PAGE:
John, from Gloucestershire, aged 58
"I first had symptoms in early 1998 but not diagnosed. I had a heart attack later that year and had an angioplasty to rectify an artery blockage. After that my continuing fatigue problems were diagnosed as an underactive thyroid and I had an operation to remove part of my thyroid gland in 1999.
"My health at the time was so poor that the consultant gave me only a 50 per cent chance of surviving the operation. However it was worth the risk as I was only existing at the time and certainly not living. The thyroid gland had grown to the size of an apple in my chest and was actually pressing on my heart! Even with thyroxine treatment I was still very tired and no cause could be found. In my early 20s, I had suffered from a blood illness called micoplasma and now I think this may be the root cause of all of my problems.
"I was suspected to be suffering from sleep apnoea following seven years of exhausting and inconclusive tests for all sorts of conditions. Three months of using a CPAP machine (to assist my breathing at night) did not resolve my fatigue; in fact it made it worse.
"The respiratory system consultant marched me down to corridor to see another consultant (Dr Mick Byalis) who specialised in M.E. After a very thorough examination and discussion of my symptoms, Mick diagnosed M.E. – this was seven years after first experiencing the chronic fatigue. Sadly, Mick died a year later (he had terminal cancer), and his speciality has still not been replaced by the health trust, so M.E. sufferers in Gloucestershire have to rely on Frenchay hospital in Bristol for support.
"Over the years my M.E. has gone in unpredictable cycles – from having to rest continuously to being able to work full-time. Initially, I was unable to work at all and was off work for a total of 18 months. However, I recovered enough to hold down a full time job (office based IT Project Manager) for a number of years.
"From about two years ago, I had to work part-time on medical grounds (i.e. on full pay) as I was getting too exhausted, but then I had to reduce my hours permanently so I took a partial retirement two years ago. I usually had to rest for a few hours in the afternoon to recover from work in the morning.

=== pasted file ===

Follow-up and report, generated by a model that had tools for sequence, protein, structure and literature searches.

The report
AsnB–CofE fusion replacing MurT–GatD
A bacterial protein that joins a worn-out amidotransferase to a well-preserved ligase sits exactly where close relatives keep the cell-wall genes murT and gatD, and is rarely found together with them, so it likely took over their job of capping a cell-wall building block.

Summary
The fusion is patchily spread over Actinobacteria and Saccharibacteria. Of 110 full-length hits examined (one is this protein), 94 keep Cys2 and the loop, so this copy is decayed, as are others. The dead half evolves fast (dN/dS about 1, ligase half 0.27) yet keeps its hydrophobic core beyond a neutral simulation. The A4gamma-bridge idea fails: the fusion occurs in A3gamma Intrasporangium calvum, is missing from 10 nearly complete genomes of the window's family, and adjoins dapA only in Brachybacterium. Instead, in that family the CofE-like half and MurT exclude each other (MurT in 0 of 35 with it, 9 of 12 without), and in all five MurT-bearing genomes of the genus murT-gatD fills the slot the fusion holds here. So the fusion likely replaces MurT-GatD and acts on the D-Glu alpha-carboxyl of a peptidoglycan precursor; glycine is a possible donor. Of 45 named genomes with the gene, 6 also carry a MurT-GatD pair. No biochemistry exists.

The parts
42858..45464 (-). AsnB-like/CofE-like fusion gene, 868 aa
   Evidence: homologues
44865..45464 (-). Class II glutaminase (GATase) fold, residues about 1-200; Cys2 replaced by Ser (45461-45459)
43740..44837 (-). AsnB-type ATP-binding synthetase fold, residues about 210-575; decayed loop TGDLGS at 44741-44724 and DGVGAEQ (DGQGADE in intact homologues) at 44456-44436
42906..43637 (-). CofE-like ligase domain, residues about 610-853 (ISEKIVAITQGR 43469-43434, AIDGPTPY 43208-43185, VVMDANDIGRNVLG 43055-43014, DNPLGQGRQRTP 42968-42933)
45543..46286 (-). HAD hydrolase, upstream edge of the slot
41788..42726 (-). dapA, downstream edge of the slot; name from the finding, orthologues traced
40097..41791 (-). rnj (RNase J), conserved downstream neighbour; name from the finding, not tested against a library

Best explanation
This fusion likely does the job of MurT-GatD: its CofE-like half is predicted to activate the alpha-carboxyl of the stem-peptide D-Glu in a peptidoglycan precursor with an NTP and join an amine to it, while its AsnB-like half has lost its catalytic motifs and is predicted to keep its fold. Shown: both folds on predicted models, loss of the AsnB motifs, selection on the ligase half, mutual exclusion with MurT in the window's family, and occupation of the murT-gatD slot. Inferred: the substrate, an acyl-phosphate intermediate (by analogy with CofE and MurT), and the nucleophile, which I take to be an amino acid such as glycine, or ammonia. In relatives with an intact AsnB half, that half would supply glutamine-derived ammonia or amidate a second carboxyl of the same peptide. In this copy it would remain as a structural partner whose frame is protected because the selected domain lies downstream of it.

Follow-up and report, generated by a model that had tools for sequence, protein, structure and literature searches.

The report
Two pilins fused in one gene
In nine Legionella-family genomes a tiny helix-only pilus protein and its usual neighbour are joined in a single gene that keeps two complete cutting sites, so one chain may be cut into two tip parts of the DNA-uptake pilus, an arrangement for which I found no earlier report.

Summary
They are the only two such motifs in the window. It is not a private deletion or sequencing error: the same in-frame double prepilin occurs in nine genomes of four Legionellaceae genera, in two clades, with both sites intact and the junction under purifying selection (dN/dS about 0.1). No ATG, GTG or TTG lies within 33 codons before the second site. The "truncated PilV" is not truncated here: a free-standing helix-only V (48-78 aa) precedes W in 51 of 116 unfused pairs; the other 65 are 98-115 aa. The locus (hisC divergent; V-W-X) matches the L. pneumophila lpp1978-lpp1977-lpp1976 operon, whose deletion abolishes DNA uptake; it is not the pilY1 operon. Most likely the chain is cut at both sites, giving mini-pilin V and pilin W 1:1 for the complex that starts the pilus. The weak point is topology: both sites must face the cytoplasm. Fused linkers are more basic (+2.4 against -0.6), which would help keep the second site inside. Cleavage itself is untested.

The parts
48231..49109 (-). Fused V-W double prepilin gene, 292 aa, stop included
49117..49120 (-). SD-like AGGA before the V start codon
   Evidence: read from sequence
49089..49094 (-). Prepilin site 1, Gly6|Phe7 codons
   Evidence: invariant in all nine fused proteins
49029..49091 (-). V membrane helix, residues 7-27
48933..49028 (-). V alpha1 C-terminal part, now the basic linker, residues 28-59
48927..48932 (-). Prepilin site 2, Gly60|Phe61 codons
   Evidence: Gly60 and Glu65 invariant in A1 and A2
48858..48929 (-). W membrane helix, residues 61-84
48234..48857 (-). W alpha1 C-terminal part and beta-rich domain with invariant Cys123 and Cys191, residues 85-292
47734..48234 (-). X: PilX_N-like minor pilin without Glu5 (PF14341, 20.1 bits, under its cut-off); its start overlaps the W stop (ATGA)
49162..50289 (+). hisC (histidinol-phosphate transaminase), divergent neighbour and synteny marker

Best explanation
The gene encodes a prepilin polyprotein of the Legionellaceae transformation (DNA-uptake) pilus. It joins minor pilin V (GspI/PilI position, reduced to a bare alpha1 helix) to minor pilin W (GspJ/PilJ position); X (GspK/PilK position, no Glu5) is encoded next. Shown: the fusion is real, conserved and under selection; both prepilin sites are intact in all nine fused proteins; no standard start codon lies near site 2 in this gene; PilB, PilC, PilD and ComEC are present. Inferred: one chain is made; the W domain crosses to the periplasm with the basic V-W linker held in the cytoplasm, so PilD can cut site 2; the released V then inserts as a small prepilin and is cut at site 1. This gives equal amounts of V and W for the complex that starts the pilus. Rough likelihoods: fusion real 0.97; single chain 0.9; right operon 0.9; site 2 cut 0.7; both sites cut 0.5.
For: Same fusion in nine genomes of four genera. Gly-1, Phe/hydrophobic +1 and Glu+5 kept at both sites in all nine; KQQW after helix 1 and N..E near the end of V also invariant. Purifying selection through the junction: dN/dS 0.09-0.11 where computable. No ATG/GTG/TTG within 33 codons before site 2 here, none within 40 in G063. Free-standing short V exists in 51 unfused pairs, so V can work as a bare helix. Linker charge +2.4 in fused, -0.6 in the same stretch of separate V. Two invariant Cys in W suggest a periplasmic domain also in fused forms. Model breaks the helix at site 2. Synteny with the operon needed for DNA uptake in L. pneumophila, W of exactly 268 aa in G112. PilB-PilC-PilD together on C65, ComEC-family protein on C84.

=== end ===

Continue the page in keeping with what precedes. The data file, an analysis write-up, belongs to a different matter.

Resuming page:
"I am unable to walk more than about 50 yards due to fatigue and angina. I now use a mobility scooter to get around when out and also at work (it is in a very large building). I also have a power chair and another scooter to get out & about – quite a fleet!
"At worst, M.E. meant total exhaustion, inability to concentrate, depression, muscular aches that pain killers could not alleviate. I could not think straight, had short term memory loss – eg. forgetting who I was talking to whilst on the phone.
“Carrying an elephant whilst wearing an old-fashioned diving suit”
"...is a good description of how I felt! My life became purely mechanistic as I struggled to cope. I needed help so I attended Dr Hazel O’Dowd’s therapy sessions at Frenchay Hospital in Bristol. I found that the coping techniques Hazel & her team taught us to be very helpful – mainly pacing and setting a low baseline. I’d tried cognitive behaviour therapy (CBT) before, but didn’t find it of any use. Graded exercise therapy didn’t work either, as I have Ischaemic heart disease and a chronic spinal problem so can’t do much in the way of exercise.
"I found the Action for M.E. factsheets and guides extremely useful. They were the ones who provided details of Hazel’s therapy sessions – my GP did not know that these were available. The articles published in InterAction (the membership magazine) give me hope for the future.
"Nowadays, provided I take things slowly, I can enjoy visits to country house gardens and the countryside in general using my mobility scooter or a power chair. My main hobby is IT/computing – I’d be lost without the internet and email!
"Recently, I have not been very well at all and was struggling at work to maintain my concentration & stay awake. I have just been assessed by our Occupational Health Doctor and have been told that I am no longer considered fit for work. I am currently on sick leave while my employer determines the best way to dismiss me, either by early retirement or some other means. I found this news devastating as I had been a consistently good performer, even when struggling with my M.E. Still, at least I now have a life of leisure to look forward to, and can run my life at my own pace!
Let it out
"I would advise those just been diagnosed with M.E., first and foremost, to TELL PEOPLE! I always recommend the Action for M.E. website as the fount of all knowledge and it has helped me to help others who have had symptoms and get them diagnosed."